User-declared function doesn't support overload

This doesn’t work

functions {
  real foo(real[] y0);
  real foo(real[,] y0);

It seems odd that Stan doesn’t allow user function overloading, since it’s already checking function signatures.

@yizhang There may already be an issue for that. If not, please open one on stan-dev/stan.

I know how to code it, I just don’t have the time to do all this stuff. What needs to happen is that the code generator needs to generate a single functor for each overloaded function. As is, the generator generates each function definition and matching functor. But you can’t have overloaded functors in C++, so all the versions need to go inside a single functor.

For the user-declared functions, we only generate forward declaration of functions. Maybe it’s easier for this case?

Searching “overload” doesn’t show similar issues. I’m creating one here.

Thanks! @mitzimorris may tackle this one sooner rather than later. Or I might find some time to do it. It shouldn’t be that hard.

Can we generate a generalized lambda function instead of a functor?

Maybe that’d be easier. Suppose have a function foo defined in Stan with type (real, real):real. The generator will produce something like this:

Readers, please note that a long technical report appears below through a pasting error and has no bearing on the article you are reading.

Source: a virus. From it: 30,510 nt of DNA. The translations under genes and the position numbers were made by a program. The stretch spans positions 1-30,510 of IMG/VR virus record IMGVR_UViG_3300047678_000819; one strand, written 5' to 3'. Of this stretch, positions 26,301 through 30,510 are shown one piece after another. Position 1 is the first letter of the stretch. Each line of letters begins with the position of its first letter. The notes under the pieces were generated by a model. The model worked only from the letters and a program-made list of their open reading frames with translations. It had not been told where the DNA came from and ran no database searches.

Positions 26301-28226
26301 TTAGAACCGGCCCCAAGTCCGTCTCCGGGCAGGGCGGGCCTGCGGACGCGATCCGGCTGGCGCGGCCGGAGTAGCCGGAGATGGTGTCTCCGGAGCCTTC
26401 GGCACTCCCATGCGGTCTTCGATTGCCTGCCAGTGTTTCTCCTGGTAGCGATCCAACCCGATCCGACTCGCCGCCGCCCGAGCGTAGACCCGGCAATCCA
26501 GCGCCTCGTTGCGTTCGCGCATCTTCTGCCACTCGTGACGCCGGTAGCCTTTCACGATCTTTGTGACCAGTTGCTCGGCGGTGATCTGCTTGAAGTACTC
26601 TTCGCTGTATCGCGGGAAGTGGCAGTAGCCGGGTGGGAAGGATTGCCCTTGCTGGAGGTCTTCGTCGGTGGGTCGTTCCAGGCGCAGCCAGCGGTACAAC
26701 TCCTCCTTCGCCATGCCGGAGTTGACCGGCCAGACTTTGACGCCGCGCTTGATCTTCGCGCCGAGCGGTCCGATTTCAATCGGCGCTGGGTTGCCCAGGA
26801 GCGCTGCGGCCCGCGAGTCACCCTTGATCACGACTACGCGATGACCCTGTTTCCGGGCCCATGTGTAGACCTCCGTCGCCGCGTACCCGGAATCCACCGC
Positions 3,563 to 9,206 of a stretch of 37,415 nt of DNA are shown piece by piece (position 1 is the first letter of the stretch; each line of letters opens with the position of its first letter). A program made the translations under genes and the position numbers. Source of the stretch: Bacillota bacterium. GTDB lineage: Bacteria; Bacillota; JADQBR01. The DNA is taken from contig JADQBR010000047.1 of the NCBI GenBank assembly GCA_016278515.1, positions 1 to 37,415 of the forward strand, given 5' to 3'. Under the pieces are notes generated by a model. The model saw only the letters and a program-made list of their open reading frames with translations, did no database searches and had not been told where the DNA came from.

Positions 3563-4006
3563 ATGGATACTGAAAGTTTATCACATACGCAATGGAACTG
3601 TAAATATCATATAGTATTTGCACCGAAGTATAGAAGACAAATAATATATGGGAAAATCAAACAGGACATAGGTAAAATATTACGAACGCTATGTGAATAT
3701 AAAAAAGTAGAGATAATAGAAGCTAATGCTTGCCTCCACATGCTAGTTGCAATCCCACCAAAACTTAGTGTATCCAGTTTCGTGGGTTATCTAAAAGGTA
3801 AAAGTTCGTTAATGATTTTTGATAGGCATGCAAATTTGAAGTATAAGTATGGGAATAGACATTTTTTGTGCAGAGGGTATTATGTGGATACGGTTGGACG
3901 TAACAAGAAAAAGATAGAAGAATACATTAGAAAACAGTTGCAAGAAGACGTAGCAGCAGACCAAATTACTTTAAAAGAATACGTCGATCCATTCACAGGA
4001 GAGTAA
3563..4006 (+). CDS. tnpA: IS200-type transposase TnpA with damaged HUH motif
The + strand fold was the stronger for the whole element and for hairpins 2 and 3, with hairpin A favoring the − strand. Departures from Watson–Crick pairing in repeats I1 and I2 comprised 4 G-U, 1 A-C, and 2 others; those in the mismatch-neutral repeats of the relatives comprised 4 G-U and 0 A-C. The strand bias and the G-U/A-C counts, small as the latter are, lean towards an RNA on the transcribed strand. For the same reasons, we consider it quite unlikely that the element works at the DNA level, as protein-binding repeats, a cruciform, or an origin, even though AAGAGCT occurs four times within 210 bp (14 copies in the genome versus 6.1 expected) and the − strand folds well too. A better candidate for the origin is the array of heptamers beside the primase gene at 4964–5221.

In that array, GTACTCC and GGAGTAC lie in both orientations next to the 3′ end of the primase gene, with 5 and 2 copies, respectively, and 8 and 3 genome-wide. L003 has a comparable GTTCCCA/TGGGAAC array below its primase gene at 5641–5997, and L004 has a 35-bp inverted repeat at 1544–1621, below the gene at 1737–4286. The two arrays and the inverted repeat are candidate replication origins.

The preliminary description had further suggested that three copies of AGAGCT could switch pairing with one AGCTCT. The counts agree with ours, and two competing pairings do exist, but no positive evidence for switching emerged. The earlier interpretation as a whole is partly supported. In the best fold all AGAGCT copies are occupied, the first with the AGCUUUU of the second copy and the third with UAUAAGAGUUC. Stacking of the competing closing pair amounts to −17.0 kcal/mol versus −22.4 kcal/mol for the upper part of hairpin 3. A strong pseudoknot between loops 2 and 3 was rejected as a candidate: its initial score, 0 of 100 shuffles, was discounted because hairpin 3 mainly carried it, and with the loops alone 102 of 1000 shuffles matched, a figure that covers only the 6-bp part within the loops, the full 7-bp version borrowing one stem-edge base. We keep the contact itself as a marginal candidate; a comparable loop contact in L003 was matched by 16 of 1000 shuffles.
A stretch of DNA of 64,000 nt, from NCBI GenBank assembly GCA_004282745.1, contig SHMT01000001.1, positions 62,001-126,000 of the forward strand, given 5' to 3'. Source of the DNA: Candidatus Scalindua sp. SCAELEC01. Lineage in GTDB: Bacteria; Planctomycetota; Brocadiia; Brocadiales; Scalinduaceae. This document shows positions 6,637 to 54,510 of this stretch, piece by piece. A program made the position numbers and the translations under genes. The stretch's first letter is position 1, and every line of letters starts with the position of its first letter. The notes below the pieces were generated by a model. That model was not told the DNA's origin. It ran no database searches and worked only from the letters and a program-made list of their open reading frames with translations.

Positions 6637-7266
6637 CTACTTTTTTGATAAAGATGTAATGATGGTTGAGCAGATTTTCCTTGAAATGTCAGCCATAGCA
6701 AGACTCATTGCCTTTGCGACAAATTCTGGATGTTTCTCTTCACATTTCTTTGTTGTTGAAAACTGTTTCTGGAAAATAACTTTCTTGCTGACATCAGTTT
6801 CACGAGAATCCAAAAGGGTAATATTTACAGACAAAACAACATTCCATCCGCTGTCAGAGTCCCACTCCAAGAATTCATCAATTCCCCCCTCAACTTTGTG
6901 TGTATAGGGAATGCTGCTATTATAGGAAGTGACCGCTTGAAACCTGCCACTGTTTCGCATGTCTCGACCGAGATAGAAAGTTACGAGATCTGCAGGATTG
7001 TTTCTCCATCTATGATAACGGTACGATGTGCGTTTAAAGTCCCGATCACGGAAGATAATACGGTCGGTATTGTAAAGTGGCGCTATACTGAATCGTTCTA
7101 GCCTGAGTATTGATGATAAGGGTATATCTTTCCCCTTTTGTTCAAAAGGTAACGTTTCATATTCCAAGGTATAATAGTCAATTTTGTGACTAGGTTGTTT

template <typename T1, T2>
typename promote_args<T1, T2>::type
foo(const T1& x1, const T2& x2) {

which can be used for ordinary function applications to real arguments in a Stan program. To use it as a higher-order function argument, we also use

class foo_fun {
  template <typename T1, T2>
  typename promote_args<T1, T2>::type
  operator()(const T1& x1, const T2& x2) const {
    return foo(x1, x2);

The problem is that if we also have a foo defined of type (real):real, then we generate two functors and get a name conflict. All that needs to happen is that we need to delay generating until we can put both operator() overloads in a single functor. It’s not going to be too hard, but it’ll be the first time we couldn’t do basically local generation, so I’d be eager to use something a little more direct.

It wouldn’t be possible to statically define two lambda abstractions foo_fun, because there’d also be an ambiguity, e.g.,

auto foo = ... abstract first version of foo ...
auto foo = ... abstract second version of foo ...

Were you thinking we could use anonymous abstractions? Something like

ode_integrate((const auto& x1, const auto& x2).foo(x1, x2), ...)

I’m just not sure that’ll play nicely with an overloaded foo in all situations. We may need to replace those auto with the actual types.

Or were you thinking of some other approach?

Yes. Not sure it would work either.